US automakers and engine makers sued the Environmental Protection Agency on Monday over its decision to allow higher blends of ethanol for newer cars, saying it could cause confusion at the pumps and damage engines in older vehicles.
The suit asks the US Court of Appeals for the District of Columbia Circuit to send the decision back to the EPA and also asks the court to review whether the decision violates the Clean Air Act.
The EPA decided in October to allow cars built in 2007 or later to burn gasoline containing 15% ethanol, or E15. Current legal levels are 10%.
The EPA may decide as soon as January to allow E15 for cars built in 2001 and later.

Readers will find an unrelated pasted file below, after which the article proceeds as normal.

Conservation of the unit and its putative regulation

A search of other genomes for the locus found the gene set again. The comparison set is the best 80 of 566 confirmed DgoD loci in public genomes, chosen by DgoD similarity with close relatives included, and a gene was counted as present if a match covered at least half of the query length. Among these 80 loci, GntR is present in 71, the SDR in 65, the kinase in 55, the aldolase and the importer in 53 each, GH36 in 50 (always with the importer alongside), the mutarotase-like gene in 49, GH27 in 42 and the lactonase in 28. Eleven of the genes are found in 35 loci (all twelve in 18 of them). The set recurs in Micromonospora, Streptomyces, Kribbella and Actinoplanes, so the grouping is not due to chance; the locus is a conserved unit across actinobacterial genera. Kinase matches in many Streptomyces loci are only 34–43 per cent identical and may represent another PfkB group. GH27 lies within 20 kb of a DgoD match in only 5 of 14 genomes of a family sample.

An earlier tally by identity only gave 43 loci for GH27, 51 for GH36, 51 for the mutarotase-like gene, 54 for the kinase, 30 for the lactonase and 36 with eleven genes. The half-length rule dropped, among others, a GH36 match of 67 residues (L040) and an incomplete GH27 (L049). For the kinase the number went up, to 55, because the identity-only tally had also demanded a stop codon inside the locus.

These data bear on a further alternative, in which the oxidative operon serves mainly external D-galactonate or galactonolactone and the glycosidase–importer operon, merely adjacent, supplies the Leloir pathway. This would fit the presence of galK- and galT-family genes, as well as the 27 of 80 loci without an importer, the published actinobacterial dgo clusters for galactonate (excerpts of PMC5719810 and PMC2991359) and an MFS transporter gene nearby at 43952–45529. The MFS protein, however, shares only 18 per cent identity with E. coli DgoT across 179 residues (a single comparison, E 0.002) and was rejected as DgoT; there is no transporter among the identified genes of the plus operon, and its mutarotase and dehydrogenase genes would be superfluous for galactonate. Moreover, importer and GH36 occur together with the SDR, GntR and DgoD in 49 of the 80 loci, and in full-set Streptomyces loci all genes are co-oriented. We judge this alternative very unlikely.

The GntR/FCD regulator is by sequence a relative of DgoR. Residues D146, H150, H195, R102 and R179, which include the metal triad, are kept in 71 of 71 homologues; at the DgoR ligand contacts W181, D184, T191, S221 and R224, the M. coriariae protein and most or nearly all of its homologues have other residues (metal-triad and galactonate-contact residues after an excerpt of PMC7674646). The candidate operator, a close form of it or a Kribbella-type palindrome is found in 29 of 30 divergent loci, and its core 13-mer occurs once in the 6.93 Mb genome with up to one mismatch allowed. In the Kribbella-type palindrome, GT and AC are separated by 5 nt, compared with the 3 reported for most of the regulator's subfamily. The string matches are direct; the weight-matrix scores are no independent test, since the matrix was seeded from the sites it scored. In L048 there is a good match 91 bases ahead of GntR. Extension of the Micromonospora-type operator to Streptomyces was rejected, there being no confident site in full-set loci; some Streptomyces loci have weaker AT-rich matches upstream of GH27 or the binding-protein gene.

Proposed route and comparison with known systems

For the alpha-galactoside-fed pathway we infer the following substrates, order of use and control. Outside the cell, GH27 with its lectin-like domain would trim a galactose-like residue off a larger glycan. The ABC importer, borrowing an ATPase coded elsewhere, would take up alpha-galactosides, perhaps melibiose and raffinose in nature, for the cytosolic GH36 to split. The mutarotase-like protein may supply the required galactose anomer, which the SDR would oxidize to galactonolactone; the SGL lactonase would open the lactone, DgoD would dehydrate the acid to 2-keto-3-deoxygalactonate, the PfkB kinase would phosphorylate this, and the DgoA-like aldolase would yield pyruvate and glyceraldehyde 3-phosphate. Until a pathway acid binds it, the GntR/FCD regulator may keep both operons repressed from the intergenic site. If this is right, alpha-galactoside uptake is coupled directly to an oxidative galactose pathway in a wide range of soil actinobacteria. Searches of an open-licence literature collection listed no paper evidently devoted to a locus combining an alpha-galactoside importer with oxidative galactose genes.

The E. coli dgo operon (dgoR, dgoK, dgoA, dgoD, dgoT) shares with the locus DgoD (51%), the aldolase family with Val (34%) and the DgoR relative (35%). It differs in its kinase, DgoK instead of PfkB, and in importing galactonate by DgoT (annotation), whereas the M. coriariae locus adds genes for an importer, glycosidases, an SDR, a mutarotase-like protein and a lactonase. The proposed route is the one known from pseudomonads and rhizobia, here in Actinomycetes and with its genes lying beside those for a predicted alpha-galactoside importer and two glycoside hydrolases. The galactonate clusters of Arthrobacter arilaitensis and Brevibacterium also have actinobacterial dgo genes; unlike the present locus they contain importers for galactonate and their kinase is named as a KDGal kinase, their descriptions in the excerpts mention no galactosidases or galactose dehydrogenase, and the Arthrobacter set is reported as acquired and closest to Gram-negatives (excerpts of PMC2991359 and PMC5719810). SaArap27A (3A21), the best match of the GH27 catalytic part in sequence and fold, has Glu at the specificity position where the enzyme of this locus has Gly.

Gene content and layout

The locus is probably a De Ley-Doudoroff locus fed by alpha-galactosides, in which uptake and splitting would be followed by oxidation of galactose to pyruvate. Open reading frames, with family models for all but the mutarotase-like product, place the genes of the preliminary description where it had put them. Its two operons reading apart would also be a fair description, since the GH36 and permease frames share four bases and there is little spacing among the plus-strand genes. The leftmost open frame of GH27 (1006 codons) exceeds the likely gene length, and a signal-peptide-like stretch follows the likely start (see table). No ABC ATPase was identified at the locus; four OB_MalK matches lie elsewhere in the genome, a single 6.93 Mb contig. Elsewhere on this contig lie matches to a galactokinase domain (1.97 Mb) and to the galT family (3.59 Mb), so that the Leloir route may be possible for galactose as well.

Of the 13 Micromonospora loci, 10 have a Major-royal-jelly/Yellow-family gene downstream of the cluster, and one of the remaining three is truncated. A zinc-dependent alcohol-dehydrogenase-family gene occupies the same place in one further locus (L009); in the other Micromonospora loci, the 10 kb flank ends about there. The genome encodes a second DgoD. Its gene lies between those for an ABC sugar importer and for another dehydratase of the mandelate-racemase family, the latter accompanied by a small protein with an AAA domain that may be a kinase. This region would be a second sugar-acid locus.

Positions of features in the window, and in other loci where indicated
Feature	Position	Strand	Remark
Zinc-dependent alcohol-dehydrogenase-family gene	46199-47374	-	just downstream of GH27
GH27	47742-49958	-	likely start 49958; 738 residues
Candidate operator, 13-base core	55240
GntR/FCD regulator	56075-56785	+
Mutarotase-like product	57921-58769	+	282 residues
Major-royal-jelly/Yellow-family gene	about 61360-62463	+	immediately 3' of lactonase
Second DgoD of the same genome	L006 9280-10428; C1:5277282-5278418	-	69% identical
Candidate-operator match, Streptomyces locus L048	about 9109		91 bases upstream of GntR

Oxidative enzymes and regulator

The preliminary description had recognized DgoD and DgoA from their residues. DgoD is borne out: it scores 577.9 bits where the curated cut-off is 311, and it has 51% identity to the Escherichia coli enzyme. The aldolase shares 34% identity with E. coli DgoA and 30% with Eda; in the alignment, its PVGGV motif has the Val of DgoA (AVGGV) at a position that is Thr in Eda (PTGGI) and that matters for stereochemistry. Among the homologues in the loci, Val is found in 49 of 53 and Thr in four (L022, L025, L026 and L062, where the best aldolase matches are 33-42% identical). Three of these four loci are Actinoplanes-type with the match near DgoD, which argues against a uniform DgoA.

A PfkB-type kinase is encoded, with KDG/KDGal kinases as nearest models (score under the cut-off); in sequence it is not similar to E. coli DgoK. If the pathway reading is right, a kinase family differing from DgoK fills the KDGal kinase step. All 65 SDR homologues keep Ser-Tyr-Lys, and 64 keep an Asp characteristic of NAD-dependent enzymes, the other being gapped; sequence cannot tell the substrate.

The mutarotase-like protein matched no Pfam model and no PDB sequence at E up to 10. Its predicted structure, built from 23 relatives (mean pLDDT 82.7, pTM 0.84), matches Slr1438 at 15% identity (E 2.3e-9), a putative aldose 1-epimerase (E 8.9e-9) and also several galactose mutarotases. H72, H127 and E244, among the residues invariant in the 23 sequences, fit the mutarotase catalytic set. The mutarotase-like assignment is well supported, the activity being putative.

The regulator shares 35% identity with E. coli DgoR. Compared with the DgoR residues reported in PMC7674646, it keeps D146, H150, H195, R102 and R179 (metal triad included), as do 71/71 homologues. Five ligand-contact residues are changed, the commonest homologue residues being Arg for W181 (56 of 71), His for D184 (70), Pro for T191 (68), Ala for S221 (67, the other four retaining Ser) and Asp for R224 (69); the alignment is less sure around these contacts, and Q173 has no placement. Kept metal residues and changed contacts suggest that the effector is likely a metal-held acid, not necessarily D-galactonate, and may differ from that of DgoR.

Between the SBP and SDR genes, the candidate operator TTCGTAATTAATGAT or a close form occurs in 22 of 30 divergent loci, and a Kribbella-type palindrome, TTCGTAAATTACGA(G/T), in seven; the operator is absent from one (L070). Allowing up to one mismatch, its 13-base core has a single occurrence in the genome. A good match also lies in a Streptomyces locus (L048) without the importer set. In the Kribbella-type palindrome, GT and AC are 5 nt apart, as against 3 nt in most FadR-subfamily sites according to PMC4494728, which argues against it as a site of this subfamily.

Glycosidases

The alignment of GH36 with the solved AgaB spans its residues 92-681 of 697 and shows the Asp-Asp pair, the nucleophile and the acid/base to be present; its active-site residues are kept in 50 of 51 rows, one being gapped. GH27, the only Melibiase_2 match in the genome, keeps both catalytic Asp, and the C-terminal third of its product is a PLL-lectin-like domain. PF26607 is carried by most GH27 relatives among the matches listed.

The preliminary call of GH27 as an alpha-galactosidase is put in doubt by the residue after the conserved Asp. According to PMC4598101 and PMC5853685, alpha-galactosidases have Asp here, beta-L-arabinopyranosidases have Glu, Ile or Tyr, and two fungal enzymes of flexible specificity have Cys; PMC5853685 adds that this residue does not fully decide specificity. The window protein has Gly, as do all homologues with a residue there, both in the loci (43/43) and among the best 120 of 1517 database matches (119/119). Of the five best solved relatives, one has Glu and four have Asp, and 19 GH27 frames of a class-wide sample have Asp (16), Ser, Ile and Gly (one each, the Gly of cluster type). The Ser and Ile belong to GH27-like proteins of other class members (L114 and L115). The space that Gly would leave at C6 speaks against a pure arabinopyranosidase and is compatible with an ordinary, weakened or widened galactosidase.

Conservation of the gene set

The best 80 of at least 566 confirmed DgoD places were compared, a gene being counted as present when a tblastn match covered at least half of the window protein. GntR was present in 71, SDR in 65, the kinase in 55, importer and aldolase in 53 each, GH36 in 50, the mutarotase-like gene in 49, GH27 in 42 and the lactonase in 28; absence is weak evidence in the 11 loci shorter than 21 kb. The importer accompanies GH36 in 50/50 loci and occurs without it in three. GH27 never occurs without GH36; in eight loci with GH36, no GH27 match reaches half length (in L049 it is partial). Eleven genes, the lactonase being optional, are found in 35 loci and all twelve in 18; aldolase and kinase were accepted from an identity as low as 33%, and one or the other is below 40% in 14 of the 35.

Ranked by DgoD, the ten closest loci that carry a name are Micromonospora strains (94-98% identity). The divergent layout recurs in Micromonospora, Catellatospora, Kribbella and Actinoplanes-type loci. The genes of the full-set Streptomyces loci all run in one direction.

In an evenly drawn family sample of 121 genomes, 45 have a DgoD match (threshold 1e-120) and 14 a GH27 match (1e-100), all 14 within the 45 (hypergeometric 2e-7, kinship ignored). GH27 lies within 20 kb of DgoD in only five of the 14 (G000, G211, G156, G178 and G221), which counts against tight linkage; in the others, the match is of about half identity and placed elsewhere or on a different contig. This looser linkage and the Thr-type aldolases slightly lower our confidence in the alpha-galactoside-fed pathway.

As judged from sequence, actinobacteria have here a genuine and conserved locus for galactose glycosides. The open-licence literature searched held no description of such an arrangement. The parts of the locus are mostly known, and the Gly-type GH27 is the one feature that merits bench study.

Growth Energy, an ethanol industry group, had asked the EPA for a waiver for the sale of the fuel because the business faces a glut of the alternative motor fuel.
But a new coalition that filed the suit, called the Engine Products Group, said the EPA's decision to allow higher blends for some cars could confuse consumers. Engines in some vehicles, boats, lawnmowers and chain saws could be damaged, if they get the wrong fuel, they said.
The coalition includes the Alliance of Automobile Manufacturers, the Outdoor Power Equipment Institute, the National Marine Manufacturers Association, and others who say they collectively represent some 400 mn engine products used by Americans.
They say higher ethanol blends can corrode fuel lines and other parts in engines that have not been adjusted.